MHF TOP PICKS FOR MAY
Every month, we at the Mueller Health Foundation like to showcase interesting news and updates in the field of tuberculosis. Below are our top 3 picks for May:
- Seven Transitions for Transforming Tuberculosis Diagnosis
Diagnosis is often considered the weakest aspect of tuberculosis care and control. In this newly published review, researchers describe seven critical transitions that could help to close the massive TB diagnostic gap and enable TB programs worldwide to recover from the pandemic setbacks. The seven transitions could help to diagnose more people thereby enabling TB treatment, which would in turn reduce spread of TB in the community. For example, a simple, non-sputum sample, combined with an affordable, multi-disease POC molecular technology, deployed in decentralized settings would reach a much larger population, close the case detection gap, and curb TB transmission at the population level. It is important to note, that these transitions are inter-linked, and the biggest impact will come from their integration. To learn more about the seven transitions, you can access the full paper at: https://www.nature.com/articles/s41564-023-01365-3
- Researchers in Thailand Develop Rapid MTB Strip Test for Tuberculosis Detection
Researchers of the Faculty of Allied Health Sciences at Chulalongkorn University in Thailand have developed a new MTB Strip Test Kit for Tuberculosis diagnosis. The MTB Strip Test Kit consists of two main parts: 1. Genetic amplification using isothermal amplification with specifically modified and designed primers, and 2. Genetic materials detection using developed test strips, which are manufactured from ISO13485-certified industrial plants for medical device manufacturing. The key feature of the MTB Strip test is its sensitivity to tuberculosis. With a small amount of tuberculosis in the sputum, the test can detect it and display the result. In addition, the test process takes less than an hour and does not require any special tools. The MTB Strip Test prototypes have already been administered at Umphang Hospital.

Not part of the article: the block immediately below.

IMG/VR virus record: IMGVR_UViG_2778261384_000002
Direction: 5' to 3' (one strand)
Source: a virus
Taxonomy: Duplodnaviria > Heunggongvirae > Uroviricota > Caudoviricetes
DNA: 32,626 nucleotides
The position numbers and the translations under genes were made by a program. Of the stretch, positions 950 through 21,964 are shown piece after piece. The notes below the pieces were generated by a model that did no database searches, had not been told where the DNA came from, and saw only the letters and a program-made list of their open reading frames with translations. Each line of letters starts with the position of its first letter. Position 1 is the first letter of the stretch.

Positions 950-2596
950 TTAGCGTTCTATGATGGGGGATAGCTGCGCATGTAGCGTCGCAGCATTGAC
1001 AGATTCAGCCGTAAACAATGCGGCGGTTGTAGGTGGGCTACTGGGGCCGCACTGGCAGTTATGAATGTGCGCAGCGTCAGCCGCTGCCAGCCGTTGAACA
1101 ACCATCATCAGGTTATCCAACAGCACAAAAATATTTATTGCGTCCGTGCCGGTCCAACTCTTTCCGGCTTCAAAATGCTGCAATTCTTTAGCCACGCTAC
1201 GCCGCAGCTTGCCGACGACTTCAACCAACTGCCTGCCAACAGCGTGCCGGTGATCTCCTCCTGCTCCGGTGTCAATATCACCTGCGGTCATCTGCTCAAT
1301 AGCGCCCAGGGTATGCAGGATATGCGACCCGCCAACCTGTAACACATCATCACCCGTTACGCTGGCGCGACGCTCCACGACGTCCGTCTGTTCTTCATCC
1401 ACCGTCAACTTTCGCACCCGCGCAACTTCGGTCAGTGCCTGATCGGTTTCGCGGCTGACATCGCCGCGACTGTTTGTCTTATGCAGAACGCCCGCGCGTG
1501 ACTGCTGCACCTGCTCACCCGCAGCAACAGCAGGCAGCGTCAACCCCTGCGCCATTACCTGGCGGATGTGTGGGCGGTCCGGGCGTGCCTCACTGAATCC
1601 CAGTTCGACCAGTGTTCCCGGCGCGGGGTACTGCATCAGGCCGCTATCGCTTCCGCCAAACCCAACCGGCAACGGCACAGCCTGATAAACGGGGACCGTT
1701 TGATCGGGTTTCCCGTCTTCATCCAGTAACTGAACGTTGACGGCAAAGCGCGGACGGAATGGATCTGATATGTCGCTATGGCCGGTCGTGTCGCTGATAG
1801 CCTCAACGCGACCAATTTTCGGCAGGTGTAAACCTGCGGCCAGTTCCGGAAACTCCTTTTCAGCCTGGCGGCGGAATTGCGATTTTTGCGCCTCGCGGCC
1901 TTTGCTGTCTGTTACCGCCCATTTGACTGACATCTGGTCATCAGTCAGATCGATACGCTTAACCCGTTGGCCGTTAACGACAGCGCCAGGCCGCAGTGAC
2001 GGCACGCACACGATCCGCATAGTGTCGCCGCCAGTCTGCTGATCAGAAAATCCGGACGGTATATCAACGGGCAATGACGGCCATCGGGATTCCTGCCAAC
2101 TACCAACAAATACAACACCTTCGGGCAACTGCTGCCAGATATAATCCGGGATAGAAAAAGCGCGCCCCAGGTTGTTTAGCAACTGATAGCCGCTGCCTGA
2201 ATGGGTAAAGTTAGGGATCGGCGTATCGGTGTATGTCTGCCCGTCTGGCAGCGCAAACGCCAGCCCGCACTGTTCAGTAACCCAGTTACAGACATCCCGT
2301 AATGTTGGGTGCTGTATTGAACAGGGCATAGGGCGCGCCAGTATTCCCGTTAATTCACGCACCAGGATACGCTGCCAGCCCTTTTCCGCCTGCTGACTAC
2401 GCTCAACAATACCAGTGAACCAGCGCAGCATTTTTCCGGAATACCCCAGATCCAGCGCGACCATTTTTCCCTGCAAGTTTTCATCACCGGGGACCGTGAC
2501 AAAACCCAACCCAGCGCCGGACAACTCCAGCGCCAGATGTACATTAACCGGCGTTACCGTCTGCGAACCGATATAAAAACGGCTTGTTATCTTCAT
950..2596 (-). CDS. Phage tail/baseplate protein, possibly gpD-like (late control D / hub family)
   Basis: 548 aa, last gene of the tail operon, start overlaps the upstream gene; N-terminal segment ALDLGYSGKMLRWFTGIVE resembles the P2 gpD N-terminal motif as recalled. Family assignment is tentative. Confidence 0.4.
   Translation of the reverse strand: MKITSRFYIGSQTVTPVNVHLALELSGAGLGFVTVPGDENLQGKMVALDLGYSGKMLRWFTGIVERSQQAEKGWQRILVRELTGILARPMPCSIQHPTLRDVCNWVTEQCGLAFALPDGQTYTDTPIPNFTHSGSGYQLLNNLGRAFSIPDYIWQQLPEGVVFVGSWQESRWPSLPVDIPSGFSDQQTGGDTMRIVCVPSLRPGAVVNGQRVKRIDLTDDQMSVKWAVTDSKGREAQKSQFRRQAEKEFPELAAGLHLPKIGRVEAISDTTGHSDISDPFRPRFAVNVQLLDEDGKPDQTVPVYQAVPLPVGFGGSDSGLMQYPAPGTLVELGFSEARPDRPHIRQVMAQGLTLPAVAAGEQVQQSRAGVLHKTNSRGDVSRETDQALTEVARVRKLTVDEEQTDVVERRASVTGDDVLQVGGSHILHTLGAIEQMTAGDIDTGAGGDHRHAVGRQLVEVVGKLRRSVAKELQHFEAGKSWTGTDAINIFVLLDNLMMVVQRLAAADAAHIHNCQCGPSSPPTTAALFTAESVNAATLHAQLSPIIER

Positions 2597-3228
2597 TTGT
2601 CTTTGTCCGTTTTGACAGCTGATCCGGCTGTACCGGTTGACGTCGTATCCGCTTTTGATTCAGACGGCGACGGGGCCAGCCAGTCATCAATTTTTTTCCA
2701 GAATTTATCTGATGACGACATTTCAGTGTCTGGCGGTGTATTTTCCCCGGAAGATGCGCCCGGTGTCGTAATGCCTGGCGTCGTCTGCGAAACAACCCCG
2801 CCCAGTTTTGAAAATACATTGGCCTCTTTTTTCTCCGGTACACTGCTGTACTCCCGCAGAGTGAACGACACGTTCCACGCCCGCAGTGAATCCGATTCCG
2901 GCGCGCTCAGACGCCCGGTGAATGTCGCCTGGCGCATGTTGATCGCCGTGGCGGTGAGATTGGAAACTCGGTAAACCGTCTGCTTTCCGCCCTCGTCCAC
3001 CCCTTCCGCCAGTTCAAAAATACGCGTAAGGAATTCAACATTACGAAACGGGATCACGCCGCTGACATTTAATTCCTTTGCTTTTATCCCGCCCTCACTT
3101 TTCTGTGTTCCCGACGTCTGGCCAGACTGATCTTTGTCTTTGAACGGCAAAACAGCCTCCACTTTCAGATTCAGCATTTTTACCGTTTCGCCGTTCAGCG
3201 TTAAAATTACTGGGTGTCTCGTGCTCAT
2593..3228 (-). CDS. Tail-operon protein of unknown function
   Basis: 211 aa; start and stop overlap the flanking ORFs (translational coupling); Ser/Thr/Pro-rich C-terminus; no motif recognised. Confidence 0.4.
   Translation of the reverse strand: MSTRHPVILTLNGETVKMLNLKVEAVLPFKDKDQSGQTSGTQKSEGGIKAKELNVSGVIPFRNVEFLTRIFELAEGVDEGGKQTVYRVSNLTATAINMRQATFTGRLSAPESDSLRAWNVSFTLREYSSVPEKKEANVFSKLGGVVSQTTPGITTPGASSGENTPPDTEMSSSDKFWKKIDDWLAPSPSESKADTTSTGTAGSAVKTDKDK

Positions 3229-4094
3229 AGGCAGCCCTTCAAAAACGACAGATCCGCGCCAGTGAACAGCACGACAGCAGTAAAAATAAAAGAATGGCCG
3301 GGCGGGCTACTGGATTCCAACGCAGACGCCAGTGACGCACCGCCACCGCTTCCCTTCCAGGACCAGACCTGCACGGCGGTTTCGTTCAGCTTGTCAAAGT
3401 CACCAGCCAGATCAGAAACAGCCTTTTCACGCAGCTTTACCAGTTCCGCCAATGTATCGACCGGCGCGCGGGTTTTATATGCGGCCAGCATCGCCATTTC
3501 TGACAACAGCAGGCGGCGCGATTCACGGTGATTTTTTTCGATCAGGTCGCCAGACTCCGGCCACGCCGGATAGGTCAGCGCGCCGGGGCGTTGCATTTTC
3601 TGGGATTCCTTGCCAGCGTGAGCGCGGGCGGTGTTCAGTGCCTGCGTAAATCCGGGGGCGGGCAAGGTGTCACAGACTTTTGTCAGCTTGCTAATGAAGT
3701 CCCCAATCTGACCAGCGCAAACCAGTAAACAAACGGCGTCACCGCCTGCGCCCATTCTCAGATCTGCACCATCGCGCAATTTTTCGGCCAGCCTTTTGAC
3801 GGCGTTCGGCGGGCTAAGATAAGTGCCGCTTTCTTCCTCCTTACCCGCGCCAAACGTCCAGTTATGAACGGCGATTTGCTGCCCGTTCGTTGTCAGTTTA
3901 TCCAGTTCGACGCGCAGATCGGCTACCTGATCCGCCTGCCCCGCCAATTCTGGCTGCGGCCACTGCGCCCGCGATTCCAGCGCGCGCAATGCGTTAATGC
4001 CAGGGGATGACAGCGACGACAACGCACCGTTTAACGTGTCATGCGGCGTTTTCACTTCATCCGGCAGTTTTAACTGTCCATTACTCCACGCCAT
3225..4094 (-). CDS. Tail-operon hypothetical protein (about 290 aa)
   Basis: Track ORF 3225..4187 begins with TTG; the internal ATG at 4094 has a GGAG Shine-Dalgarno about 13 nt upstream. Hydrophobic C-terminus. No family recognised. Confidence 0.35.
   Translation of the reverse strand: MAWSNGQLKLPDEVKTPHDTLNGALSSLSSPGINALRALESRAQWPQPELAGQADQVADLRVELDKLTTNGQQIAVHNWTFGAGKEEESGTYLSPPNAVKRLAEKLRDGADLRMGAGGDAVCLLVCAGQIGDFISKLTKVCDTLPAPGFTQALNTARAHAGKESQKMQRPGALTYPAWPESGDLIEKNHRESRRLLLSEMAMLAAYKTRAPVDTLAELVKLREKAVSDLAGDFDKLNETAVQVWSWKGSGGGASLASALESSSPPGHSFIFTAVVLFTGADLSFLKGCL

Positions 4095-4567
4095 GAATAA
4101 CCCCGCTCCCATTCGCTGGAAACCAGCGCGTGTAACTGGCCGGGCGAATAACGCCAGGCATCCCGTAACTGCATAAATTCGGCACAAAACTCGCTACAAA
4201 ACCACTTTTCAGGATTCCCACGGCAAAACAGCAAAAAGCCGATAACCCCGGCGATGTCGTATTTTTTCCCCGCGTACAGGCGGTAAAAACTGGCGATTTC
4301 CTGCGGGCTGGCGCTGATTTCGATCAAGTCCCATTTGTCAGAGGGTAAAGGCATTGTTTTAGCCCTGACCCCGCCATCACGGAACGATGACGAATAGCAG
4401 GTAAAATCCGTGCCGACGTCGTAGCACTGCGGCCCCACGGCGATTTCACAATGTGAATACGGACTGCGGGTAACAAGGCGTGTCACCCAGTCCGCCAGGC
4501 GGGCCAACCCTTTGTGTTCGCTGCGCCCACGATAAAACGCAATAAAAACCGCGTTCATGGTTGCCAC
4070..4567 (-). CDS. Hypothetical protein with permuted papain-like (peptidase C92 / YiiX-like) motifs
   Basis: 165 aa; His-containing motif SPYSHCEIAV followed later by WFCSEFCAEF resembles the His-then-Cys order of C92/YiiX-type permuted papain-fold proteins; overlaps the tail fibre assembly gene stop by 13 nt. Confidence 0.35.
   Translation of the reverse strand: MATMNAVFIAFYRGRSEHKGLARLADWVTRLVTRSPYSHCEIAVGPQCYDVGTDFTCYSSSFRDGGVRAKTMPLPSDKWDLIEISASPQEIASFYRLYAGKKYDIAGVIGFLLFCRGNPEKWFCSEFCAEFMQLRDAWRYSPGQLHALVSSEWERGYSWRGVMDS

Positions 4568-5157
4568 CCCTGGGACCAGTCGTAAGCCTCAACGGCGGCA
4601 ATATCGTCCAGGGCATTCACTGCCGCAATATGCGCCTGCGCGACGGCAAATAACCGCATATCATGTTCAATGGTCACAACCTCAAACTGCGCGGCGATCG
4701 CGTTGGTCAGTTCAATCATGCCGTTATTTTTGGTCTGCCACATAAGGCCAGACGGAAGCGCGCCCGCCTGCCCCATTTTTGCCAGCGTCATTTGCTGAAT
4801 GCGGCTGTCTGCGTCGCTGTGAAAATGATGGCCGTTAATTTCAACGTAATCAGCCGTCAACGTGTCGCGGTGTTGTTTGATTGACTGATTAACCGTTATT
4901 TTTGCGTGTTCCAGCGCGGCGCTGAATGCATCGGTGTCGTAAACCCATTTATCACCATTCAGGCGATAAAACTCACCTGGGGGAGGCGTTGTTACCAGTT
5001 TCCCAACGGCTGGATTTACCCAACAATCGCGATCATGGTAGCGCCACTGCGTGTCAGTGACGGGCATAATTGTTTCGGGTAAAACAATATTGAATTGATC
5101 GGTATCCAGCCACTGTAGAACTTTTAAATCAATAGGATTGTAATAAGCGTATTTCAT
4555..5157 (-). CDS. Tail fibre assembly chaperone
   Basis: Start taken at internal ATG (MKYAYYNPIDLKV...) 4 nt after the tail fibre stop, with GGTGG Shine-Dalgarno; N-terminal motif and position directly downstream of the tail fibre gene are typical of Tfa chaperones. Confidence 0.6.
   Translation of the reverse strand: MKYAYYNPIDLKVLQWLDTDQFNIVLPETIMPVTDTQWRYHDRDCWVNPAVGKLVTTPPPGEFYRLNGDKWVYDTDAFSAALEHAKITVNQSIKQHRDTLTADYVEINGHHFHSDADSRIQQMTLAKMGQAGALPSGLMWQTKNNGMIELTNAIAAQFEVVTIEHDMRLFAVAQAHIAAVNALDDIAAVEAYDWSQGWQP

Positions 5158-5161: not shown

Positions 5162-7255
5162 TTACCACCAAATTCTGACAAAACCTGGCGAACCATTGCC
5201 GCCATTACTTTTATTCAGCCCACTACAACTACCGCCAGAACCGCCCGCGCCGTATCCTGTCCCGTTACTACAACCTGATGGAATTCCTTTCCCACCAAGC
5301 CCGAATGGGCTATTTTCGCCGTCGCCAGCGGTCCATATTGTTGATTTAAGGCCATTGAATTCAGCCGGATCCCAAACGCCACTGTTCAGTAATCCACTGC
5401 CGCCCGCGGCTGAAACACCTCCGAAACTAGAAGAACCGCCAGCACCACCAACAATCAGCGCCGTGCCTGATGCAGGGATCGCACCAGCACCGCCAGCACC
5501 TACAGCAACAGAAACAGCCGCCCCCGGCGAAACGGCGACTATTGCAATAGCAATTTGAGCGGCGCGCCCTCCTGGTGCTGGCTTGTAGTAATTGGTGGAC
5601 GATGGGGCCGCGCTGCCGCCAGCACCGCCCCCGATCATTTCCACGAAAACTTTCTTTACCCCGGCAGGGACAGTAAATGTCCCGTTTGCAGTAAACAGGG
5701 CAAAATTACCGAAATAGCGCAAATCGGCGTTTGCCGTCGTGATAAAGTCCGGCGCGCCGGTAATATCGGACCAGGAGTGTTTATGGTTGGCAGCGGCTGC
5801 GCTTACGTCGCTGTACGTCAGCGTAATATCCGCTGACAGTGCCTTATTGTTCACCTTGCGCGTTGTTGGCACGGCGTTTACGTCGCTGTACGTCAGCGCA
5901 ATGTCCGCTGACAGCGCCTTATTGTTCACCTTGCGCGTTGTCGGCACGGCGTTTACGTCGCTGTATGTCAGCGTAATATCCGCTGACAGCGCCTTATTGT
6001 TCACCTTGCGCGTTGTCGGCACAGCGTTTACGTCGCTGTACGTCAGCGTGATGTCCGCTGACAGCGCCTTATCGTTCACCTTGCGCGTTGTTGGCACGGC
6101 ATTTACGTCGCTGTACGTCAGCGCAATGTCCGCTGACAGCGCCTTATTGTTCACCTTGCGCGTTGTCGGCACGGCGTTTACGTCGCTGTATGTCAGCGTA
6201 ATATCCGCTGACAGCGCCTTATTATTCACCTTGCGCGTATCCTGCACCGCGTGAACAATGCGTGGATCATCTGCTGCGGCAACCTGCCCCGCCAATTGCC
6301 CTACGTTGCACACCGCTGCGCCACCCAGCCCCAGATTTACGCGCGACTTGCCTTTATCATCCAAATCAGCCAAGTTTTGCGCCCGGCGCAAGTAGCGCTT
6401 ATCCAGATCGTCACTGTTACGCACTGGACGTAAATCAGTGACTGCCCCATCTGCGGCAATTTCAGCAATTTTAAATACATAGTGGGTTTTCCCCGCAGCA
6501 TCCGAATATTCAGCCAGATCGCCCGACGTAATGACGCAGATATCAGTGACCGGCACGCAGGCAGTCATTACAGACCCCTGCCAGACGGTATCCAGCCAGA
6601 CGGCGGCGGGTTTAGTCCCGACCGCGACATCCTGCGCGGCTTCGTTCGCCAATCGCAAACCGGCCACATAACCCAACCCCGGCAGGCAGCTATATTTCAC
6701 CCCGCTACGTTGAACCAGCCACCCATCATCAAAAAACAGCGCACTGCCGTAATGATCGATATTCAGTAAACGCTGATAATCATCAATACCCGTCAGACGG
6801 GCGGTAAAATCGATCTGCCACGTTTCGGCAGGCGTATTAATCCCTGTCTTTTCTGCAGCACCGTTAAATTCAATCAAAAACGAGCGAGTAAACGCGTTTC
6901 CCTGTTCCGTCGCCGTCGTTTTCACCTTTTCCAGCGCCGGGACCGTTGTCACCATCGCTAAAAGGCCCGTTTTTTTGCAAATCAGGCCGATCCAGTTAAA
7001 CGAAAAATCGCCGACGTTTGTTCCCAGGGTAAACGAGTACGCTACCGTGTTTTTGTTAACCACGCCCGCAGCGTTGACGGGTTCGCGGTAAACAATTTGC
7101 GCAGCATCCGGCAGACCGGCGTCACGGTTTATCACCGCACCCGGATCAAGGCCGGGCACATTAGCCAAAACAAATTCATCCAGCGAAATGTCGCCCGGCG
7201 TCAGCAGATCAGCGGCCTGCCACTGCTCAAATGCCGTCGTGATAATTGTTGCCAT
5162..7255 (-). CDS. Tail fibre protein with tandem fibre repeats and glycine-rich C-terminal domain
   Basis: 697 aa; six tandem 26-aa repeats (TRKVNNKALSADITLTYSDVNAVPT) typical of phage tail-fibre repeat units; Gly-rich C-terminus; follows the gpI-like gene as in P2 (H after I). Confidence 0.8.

DID YOU KNOW?
The Inuit communities, who are comprised of indigenous people in the Northern parts of Canada, have historically experienced much higher TB rates than non-indigenous communities in Canada. Below are some interesting facts about TB and the Inuit people of Canada:
- While the overall rate of TB in Canada is low, some Inuit communities in the Arctic and in places such as northern Winnipeg have recorded some of the highest rates of TB in the world. In 2018, it was reported that Inuits suffer from TB at a rate close to 300 times higher than non-indigenous Canadians born in Canada, although the numbers have since fallen.
- The high rates of TB among the Inuit community in Canada are closely connected to poverty, inadequate and overcrowded housing, food insecurity and barriers to accessing health care, such as remoteness but also insufficient infrastructure.
- A genetic study published by McGill University in 2015 found that TB arrived in the Arctic around 1919 and that the Inuits had no prior contact with the disease prior to the establishment of trading posts.
- In the 1950s, TB was rampant in the Northern Arctic. It is estimated that about one in three of all Inuits were infected with the disease and one in seven were sent to sanatoriums in the Southern Arctic for treatment. Treatments often lasted for years. Families were torn apart, couples were separated and children were taken and placed into treatment facilities separate from their parents.
- In 2019, the Canadian government launched Nanilavut, Inuktitut for “Let’s find them,” an initiative to help Inuits repatriate the remains of their lost loved ones who perished during TB treatment.